Carb Counters - Going to give it a try!

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02-12-2014, 12:55 PM
I love bread and pasta and sugar and all the bad things and I have made an effort to reduce the amounts that I have been eating too. But I think I need to cut out a bit more!

Looking at my food report for the last month, I averaged about 175 NET carbs a day. (193 non-net) with my lowest days, being just over 100 and highest in the 300 range! :o

Last night for dinner I had a salmon fillet, half a cup of quinoa, and a cup of black bean and corn salad. It was a large plate of food. An hour or two later, I was hungry. I wasn't thirsty, I had drank 100 oz of water already. I shouldn't have been hungry! There is no reason I should have been hungry after that!

I think it is finally starting to sink in that some (many? most?) carbs make me more hungry. I mean I knew that they can do that, I and I think I have even come to my own personal realization about this before... but I think I just might be starting to GET IT!

whole wheat bread doesn't seem to bother me too much. Rice does. And either the beans, corn, or quinoa did it to me last night.

Here is my question to you all who have been doing this for a while...

Am I foolish to think that keeping my carb intake to UNDER 100g a day, would be beneficial or do I need to go way lower than that to make a difference?

My averages of fat intake for the last month was 60g a day, and protein was about 85g day. I know that I will need to up these if I want to reduce carbs.

I really don't want to eliminate the foods I enjoy completely... I don't think I would be able to keep that up for long.

02-12-2014, 01:10 PM
Not foolish. under 100 grams is a good start, and it's not so low that you are likely to have carb flu symptoms. I find this is a good resource:

I do super low carb (20g) because it works for me, but carb levels are a very personal thing. You've had great success and you have some room to play with the levels and find out where you're comfy and where you lose best. Start at 100 grams and work down.

Low carb has curbed my "hungry an hour later" issues, given me more energy and aided my weight loss immensely. It's not for everyone, but it's worth a try. Don't get discouraged if you feel wonky for a little while if and when you go lower than 100. Carb flu passes, it's just your body adjusting.

Oh - last thing: Get enough fat. It keeps you sated and is crucial in low carb dieting. I really don't recommend low carb AND low fat.

02-12-2014, 01:12 PM
Oh, and get your carbs primarily from nutrient dense veggies. Spinach, broccoli, green stuff etc.

02-12-2014, 01:49 PM
I hit the ground running with <20g net carbs per day (aka Atkins induction). I think it was a good decision for me but it's a hard road to go for some. I got pretty sick with the carb flu. It's pretty easy to get your electrolytes out of whack. The trick to that is broth and no-carb electrolyte drinks. Makes me feel like a million bucks. Now I can feel when I'm getting low on salt and I drink up to avoid the flu feels.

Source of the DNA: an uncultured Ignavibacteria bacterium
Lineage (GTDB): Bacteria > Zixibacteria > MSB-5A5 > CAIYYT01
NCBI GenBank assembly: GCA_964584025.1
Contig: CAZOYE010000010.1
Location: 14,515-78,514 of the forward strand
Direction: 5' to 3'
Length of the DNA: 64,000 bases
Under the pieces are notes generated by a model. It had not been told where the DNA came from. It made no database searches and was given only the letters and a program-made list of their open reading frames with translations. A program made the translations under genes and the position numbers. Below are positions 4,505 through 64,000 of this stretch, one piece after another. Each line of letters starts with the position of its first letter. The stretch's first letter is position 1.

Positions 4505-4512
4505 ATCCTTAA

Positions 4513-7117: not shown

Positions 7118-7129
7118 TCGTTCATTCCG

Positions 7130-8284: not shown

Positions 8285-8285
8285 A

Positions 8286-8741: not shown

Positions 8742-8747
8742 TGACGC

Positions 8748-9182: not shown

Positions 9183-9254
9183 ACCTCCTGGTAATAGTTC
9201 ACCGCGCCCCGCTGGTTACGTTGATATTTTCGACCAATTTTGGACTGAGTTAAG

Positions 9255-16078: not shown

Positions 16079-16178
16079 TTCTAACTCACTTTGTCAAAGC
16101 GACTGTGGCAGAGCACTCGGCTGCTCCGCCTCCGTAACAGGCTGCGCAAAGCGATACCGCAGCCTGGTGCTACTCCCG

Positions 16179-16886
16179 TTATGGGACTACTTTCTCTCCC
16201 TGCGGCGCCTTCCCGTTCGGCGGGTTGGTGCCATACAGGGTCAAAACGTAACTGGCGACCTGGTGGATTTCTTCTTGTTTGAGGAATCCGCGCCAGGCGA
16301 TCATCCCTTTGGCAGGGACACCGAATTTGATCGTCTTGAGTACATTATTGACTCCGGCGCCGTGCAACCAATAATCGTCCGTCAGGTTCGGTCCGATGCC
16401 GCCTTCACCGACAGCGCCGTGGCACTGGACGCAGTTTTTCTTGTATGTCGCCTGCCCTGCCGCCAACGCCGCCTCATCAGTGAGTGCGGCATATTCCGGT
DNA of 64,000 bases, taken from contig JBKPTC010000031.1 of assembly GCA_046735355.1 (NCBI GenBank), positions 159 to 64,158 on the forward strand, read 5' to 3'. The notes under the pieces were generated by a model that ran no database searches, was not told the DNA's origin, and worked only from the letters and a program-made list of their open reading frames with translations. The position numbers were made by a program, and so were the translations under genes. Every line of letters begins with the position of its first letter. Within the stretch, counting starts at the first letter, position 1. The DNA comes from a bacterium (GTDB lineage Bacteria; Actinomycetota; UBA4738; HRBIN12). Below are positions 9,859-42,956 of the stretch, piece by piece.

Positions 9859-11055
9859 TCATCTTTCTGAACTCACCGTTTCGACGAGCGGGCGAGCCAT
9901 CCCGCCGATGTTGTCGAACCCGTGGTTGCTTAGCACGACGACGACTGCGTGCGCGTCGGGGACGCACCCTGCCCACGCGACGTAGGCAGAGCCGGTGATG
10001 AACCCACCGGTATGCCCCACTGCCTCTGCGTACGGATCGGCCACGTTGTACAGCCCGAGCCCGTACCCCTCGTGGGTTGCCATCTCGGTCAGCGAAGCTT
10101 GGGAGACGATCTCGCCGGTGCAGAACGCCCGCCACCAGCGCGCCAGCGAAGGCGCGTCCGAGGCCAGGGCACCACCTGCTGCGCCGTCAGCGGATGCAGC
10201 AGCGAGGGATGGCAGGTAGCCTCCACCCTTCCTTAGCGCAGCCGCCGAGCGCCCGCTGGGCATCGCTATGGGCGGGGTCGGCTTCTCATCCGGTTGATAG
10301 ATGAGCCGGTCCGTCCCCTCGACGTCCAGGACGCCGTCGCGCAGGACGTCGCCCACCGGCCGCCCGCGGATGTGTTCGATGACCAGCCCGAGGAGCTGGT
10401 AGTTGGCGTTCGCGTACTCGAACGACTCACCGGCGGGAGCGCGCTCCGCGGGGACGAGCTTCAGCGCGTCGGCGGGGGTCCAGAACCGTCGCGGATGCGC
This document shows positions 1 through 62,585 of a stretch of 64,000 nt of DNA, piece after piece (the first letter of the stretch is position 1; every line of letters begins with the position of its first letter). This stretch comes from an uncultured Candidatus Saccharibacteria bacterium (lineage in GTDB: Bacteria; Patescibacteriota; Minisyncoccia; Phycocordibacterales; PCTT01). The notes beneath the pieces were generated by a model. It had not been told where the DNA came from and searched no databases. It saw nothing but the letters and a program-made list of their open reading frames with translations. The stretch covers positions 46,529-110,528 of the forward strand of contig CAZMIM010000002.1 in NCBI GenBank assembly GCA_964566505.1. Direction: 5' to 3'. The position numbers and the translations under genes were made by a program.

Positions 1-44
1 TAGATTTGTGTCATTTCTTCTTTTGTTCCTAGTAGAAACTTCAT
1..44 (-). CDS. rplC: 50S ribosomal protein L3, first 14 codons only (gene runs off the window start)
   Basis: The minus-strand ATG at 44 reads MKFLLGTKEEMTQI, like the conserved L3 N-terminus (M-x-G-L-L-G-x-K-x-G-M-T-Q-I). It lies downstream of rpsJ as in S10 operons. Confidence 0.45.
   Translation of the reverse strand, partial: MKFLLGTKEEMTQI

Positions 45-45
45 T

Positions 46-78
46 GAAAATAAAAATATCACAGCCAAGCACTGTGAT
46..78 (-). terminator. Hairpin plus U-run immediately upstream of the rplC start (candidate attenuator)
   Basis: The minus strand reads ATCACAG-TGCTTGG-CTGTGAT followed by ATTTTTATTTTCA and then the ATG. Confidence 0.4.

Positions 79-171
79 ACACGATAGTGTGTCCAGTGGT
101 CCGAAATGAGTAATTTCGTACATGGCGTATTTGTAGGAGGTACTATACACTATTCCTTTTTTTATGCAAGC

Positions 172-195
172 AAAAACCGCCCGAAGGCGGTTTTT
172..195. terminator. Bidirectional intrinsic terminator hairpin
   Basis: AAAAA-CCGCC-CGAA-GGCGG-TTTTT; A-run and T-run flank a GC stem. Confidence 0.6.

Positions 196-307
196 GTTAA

02-12-2014, 02:04 PM
It's really just trial and error, but it's a place to start. I suggest if you do stick with 100 carbs, also calorie count.

02-12-2014, 02:34 PM
Thanks Jane! I appreciate your advice, and that was a great link too. I really need to take a look at where the majority of my carbs are coming from and start from there!

Driven - I've been calorie counting for quite a while now - Hence having a report of my carbs, fat and protein!

Locke - Glad that super low carbs worked for you right off the cuff! I am hoping that I don't need to go quite that low and still keep losing! I will remember the electrolyte drink thing too!! Thanks :)

Thanks for the responses everyone :)

02-12-2014, 06:53 PM
I never went induction. But I did end up cutting all bread and pasta completely. Never in my wildest dreams would I think I could. But I did.

This was PROFOUNDLY important for me. Once I did I started to lose cravings for virtually any kind of junk food or snack you can think of.

Remember whole wheat has a glycemic index of 70. Higher than regular soda and many candy bars. Wheat belly also claims it has specific hunger inducing chemicals. Not sure. But I do know people are not designed to eat grains. We can tolerate them but to me they just gum up my overall health efforts.

No nutrient in any grain you can't get from veggies fruits and feel much fuller. But not one approach fits all. And it isn't like we can't tweek, tweek, tweek again. There might be a month you feel like trying grain free and you find that it works. Or maybe you never try it.

I think if most people get rid of sodas diet and sugar ones, fruit juices, eat more whole foods and little or no processed and fast fast food, and get over fat is bad, they will have success.

02-13-2014, 02:44 AM
It's really just trial and error, but it's a place to start. I suggest if you do stick with 100 carbs, also calorie count.

This is good advice, something you should file away.

My guess is that whatever way you want to start will work well for a while, then your weight loss will slow, and at that point advice like watching calories makes sense if you're on a moderate-carb plan (I would categorize 100g carb as moderate, not low).

Personally I do very low carb (20-30g) because I really like the appetite-cutting effect of ketosis, and find it pretty easy to live with - but we're all different and there are many ways that work.

My mom had great success with a Rob Thomas' Glycemic Load diet - she got so thin she had to start eating ice cream nightly! That's a moderate carb approach you could try that still allows *some* grains. Mark Sisson's plan is good, but like all paleo/primal folks he drops all grain.